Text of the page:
Like fixed deposits, another popular option is a cash management account, an investment portfolio combining equities, ETFs, and REITs. At any time, investors can benefit from cash deposits and withdrawals from the highly liquid account.
Furthermore, the cash management account also offers a modest interest rate from 3% to 3.5%, resembling a fixed deposit. However, investors should consult financial advisors about the risks of investing in this type of account, like principal safety.
2. What is the difference between a fixed deposit and a traditional insurance plan?
A fixed deposit is a money account with a fixed tenure you agree to fund from 3 to 36 months. At a tenure end, you get back the fund with deposit interests. A bank or finance company guarantees the money and repays investors the principal with interest.
A traditional insurance plan, offered by insurance companies, combines savings or investments with life and other insurance benefits, such as an endowment plan, a whole life, or a unit-linked insurance plan. Insurance plans comprise investment, guaranteed cash values, or both to meet savors’ requirements.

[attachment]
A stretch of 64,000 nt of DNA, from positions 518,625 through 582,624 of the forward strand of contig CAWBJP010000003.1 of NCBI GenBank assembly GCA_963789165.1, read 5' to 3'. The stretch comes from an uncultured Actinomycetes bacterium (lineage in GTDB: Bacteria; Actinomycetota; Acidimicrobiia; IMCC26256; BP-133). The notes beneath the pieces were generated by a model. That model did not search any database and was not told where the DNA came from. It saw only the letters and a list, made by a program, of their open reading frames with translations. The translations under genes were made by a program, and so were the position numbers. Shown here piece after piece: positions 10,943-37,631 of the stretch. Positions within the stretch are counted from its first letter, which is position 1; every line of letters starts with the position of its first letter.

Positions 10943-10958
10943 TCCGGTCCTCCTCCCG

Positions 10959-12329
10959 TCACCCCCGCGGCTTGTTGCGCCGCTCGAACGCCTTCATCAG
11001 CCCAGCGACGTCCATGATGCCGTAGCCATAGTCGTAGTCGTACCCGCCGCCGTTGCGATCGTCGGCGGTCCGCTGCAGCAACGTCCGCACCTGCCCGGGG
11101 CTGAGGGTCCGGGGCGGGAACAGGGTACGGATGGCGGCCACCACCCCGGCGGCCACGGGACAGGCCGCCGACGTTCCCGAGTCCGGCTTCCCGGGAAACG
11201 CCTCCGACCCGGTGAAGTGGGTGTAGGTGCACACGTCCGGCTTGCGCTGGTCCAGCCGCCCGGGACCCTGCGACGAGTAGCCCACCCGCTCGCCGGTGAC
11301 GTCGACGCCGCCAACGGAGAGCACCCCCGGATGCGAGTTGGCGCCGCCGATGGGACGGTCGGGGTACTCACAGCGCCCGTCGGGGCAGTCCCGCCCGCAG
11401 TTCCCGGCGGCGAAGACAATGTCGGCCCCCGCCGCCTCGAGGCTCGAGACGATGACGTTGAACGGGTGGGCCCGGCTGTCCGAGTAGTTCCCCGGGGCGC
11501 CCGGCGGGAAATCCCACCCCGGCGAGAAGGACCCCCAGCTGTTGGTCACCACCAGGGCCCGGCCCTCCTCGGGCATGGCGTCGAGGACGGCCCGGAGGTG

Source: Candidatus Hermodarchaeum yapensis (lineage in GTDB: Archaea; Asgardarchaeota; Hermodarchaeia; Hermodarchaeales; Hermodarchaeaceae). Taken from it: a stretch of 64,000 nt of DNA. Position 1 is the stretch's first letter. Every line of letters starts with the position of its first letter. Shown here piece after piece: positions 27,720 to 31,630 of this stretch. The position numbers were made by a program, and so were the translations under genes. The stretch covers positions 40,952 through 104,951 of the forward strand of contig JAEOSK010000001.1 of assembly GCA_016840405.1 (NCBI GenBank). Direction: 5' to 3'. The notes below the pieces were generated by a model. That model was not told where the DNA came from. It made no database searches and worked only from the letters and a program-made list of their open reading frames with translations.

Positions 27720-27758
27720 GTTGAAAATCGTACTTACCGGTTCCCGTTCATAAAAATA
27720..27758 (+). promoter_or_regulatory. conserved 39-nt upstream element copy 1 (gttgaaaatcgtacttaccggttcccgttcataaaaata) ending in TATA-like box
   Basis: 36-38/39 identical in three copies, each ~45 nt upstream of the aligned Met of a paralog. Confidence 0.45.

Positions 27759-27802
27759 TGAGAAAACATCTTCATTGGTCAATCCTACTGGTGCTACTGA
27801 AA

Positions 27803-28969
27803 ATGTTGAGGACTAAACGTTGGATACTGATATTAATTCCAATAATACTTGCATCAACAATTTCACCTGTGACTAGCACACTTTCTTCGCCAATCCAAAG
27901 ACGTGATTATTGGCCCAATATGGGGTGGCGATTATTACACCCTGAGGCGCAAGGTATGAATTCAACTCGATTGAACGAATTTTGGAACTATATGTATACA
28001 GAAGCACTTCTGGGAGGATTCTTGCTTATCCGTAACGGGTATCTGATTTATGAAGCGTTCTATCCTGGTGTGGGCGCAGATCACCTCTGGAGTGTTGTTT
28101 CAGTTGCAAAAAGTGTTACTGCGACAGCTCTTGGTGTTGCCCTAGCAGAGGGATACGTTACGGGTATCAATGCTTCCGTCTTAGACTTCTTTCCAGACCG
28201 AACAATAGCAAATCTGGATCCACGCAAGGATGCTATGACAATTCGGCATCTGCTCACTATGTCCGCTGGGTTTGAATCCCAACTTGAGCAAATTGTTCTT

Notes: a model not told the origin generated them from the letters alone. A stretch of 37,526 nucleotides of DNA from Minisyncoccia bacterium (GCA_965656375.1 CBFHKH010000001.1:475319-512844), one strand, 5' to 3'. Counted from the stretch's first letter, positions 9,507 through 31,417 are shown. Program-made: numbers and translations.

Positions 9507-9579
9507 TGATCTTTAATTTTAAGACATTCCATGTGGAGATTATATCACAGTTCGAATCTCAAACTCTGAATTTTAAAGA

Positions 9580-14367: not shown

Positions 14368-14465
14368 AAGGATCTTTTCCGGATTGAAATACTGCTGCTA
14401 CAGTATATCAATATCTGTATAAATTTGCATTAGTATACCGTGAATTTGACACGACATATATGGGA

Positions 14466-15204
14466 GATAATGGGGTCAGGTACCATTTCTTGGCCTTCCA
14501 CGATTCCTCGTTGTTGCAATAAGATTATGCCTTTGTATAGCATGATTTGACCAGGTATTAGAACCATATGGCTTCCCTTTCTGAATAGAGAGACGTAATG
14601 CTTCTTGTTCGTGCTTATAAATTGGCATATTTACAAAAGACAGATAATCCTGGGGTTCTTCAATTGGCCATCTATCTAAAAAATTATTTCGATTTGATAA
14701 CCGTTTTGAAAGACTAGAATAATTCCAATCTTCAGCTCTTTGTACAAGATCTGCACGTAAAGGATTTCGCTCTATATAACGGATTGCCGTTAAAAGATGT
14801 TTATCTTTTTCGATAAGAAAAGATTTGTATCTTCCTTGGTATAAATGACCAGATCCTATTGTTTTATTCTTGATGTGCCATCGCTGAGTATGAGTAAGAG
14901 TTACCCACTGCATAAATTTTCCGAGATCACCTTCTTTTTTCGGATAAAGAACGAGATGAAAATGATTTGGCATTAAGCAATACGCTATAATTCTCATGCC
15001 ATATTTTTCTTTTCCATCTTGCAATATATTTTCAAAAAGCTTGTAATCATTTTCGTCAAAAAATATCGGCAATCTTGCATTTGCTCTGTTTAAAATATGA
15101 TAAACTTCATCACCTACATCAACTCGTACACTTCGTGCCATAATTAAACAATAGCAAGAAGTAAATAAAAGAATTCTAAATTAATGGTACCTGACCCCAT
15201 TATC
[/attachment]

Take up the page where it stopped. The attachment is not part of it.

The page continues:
3. What are the differences between an endowment and an insurance savings plan?
An endowment plan usually promises a savings target besides life insurance protection, such as a guaranteed sum at a policy term like 5 to 20 years with or without a bonus(depending on plan clauses) if a policy owner commits payment terms.
A life insurance savings plan protects an insured’s life with savings or investments. A traditional life insurance plan buyer prioritizes life insurance; the savings or investment is the rest.
Fixed deposits are more liquid and secure investments with little charges but offer little returns. Endowment plans provide goal-oriented and long-term investors with higher interests but impose higher penalties on early withdrawals or surrender. Investors should examine their financial needs before choosing an appropriate investment for their conditions.
- Fixed deposits are safe, liquid investments with fewer returns.
- Endowment plans offer investors guaranteed cash benefits, bonuses, and life insurance protection.
- Fixed deposits fit short-term investors requiring funds for other purposes within a short time.
- Endowment plans suit long-term investors with financial goals for wealth creation.